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Monday, September 12, 2011, 16:48

Expression Language Injection

Think about implementing a web application that relies several secrets like anti CRSRF tokens, random seeds used for password generation and so on...

If the implementation is based on Spring MVC framework and security is important for you, then you should consider reading the paper Expression Language Injection which is the result of a joint research conducted by Stefano Di Paola of Minded Security and Arshan Dabirsiaghi of Aspect Security.

We tried to identify the security impact of a bug in Spring MVC which could lead to double evaluation of Expression Language if an untrusted input is used as the argument of particular attributes.

Continue readinng on Minded Security blog...

[ No comments ]


Wednesday, June 15, 2011, 09:54

[Security Song] Help Yourself to My Flaws

These days are quite eventful in the info security world. Several attacks which stole data from Sony, from Citybank and from a bitcoin user.

I was pretty shocked.

I use to listen to the radio while working, and I felt inspired listening to
Help Yourself to my Lips"
performed by Tom Jones.

I thought: "It just seems like a big web application owner is offering its data to every attacker in the world...".

So I decided to rewrite a bit the song and - gh - perform by myself :P..



If you enjoyed this, have a look at the new song

[ No comments ]


Saturday, April 30, 2011, 07:50

God Save The (Omniture) Quine

Some weeks ago, while testing a website hosted by a client of ours
with DOMinator, I found that an Omniture Catalyst plugin called
crossVisitParticipation used an eval on a cookie value.
It was a typical 'eval(cookieValue)' which is bad from a security
perspective, but there is something more interesting which made me think
to write a post about it, since the attack vector was kind of advanced
and the model here is different from "traditional" meshups.
In fact in the Omniture case, companies have to save an auto generated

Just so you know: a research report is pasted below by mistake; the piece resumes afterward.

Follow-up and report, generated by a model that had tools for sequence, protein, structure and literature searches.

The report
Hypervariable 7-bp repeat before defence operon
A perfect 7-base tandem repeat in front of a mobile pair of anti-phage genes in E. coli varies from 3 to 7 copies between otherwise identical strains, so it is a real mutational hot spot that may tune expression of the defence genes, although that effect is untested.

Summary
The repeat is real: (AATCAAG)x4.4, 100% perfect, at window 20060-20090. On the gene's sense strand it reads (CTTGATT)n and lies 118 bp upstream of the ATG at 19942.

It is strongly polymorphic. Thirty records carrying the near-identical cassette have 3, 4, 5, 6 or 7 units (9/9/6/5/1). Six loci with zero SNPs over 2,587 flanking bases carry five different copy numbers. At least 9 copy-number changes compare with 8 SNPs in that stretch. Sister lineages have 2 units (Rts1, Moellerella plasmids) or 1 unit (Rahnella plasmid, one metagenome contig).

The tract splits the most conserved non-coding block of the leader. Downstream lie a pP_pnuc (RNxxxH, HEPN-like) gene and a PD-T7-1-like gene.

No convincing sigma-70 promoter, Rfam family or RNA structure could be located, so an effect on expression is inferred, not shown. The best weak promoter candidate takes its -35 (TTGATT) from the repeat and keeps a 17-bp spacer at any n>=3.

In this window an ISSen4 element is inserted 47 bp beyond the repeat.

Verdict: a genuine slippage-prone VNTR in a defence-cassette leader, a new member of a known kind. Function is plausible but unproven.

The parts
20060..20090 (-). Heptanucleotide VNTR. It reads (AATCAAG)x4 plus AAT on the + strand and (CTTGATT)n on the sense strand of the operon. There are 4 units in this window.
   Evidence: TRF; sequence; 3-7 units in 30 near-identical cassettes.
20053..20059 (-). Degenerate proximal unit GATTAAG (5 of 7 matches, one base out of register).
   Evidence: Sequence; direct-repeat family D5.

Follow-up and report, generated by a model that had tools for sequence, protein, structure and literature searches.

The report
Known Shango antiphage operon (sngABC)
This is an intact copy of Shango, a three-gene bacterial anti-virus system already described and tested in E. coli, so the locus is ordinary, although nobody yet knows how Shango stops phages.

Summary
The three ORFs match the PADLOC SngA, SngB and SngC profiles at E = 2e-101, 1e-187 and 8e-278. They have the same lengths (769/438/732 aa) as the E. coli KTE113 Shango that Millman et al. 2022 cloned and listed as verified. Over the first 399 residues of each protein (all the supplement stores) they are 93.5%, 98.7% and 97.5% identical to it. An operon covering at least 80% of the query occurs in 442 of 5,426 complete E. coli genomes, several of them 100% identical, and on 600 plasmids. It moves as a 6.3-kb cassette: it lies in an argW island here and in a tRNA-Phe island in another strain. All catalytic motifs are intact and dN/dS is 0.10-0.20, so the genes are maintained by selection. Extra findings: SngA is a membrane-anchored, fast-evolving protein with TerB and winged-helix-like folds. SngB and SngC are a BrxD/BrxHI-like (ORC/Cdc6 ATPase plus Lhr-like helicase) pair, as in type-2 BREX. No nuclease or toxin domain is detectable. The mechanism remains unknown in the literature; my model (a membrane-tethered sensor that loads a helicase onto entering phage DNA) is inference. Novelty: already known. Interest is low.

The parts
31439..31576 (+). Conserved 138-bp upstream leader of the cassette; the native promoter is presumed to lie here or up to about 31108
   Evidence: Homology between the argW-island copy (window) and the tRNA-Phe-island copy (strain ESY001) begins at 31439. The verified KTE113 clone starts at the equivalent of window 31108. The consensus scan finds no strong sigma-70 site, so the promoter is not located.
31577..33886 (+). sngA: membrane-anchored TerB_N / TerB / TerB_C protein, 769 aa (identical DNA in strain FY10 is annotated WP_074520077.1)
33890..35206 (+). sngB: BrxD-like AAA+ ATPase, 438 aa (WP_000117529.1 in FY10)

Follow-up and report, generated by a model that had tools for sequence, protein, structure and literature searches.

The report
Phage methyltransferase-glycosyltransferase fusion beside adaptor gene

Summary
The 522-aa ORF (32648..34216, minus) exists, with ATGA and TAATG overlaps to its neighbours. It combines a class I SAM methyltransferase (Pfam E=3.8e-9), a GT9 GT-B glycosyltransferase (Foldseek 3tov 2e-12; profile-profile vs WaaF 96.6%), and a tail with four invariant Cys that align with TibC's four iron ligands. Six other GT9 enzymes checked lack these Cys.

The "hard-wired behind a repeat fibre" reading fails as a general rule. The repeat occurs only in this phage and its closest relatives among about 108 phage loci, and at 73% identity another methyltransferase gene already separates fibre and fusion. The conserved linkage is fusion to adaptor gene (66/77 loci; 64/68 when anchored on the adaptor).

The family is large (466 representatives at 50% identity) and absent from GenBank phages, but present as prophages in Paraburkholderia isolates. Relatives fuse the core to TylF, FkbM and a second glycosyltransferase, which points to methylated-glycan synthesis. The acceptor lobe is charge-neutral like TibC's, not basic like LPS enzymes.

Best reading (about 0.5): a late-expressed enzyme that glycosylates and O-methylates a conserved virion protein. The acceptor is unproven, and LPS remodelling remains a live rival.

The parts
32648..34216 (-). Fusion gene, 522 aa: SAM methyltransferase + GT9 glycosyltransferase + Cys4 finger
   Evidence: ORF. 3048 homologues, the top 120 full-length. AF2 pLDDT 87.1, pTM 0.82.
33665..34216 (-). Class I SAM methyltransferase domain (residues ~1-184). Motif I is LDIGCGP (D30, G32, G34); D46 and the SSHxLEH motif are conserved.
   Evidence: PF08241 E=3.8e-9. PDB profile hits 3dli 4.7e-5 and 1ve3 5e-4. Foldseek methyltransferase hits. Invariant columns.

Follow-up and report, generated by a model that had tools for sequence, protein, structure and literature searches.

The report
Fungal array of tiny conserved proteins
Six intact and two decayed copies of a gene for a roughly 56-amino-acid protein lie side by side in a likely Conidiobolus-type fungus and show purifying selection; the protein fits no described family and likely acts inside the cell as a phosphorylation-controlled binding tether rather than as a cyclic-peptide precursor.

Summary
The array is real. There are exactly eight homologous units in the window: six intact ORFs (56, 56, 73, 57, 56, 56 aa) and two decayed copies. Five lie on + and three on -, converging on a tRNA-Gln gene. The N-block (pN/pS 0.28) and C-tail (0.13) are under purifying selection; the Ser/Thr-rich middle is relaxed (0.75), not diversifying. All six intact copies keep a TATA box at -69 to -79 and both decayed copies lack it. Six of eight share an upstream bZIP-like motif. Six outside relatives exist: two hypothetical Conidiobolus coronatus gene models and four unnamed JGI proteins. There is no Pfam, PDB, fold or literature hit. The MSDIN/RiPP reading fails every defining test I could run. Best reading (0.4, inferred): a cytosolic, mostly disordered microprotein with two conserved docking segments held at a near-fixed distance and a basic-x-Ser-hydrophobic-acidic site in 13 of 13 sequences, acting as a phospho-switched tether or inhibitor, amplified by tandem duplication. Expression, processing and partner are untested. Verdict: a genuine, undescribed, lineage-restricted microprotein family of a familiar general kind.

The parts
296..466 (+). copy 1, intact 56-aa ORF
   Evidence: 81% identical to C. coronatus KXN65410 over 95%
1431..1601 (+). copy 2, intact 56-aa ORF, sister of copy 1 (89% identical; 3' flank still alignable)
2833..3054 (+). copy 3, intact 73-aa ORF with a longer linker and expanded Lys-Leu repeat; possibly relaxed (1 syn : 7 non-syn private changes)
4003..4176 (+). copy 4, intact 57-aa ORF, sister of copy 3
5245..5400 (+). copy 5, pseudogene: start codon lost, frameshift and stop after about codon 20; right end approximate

JS and host it on their own websites.
This means updates are directly tied to a local site administration
policy, and no real time update is possible.

Continue reading on Minded Security Blog..

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Monday, March 28, 2011, 16:08

Abusing Referrer on Explorer for Referrer based DOM Xss

I don't really know if this is actually known, but I thought it was worth writing.

In a few words:
While other browsers do not allow particular charaters in sub domains, IE does. Hence it's possible to abuse that behavior to exploit referrer based DOM Xss.

..continue reading on Minded Security

[ No comments ]


Thursday, October 21, 2010, 10:40

Java DSN Rebinding + Java Same IP Policy = The Internet Mayhem

This is a short blog post about what could have happened if a malicious user had exploited the issues I found.

If someone has read the post about Java DNS Rebinding and Java applet same IP Host Access probably has come
to the same conclusion of what I am going to describe in the next few lines which can be summarized like this:
Java applet implementation could really break the web.

Consider the following points:

* Java DNS Rebinding: an attacker can point a controlled host to any IP of the web.
* Java applet same IP Host access: an attacker can read the response of any host which points to the same IP
the applet originates.

..Continue reading here

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Thursday, October 21, 2010, 10:38

Java Applet Same IP Host Access

Due to a design issue on the way Java considers Same Origin Policy, it is possible for an attacker controlling a host with the same IP of the victim host, to forge requests to victim host on behalf of a user and read the content of the response.

..Continue reading here

[ No comments ]


Wednesday, October 20, 2010, 15:03

DNS Rebinding on Java Applets

In 2007 it was discovered that Java Applets, in conjunction with LiveConnect plugin on Firefox, were vulnerable to DNS Rebinding and take advantage of Java features like TCP and UDP socket connections on unauthorized sites.
But the only browser which resulted vulnerable was Firefox.

During an assessment of Java VM source code (v. 6 update 21) it was found that the attack was still feasible, probably due to a regression issue and, more important, I found a way to extend the attack to every browser.
A fix should have been implemented in the new Java 6 update 22.
...Continue Reading here

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Thursday, September 23, 2010, 11:34

A Twitter DomXss, a wrong fix and something more

It seems that twitter new site introduced some issue resulting in a worm exploiting a stored Xss.
They also added some new JavaScript in their pages which I casually saw while searching in the html for the worm payload.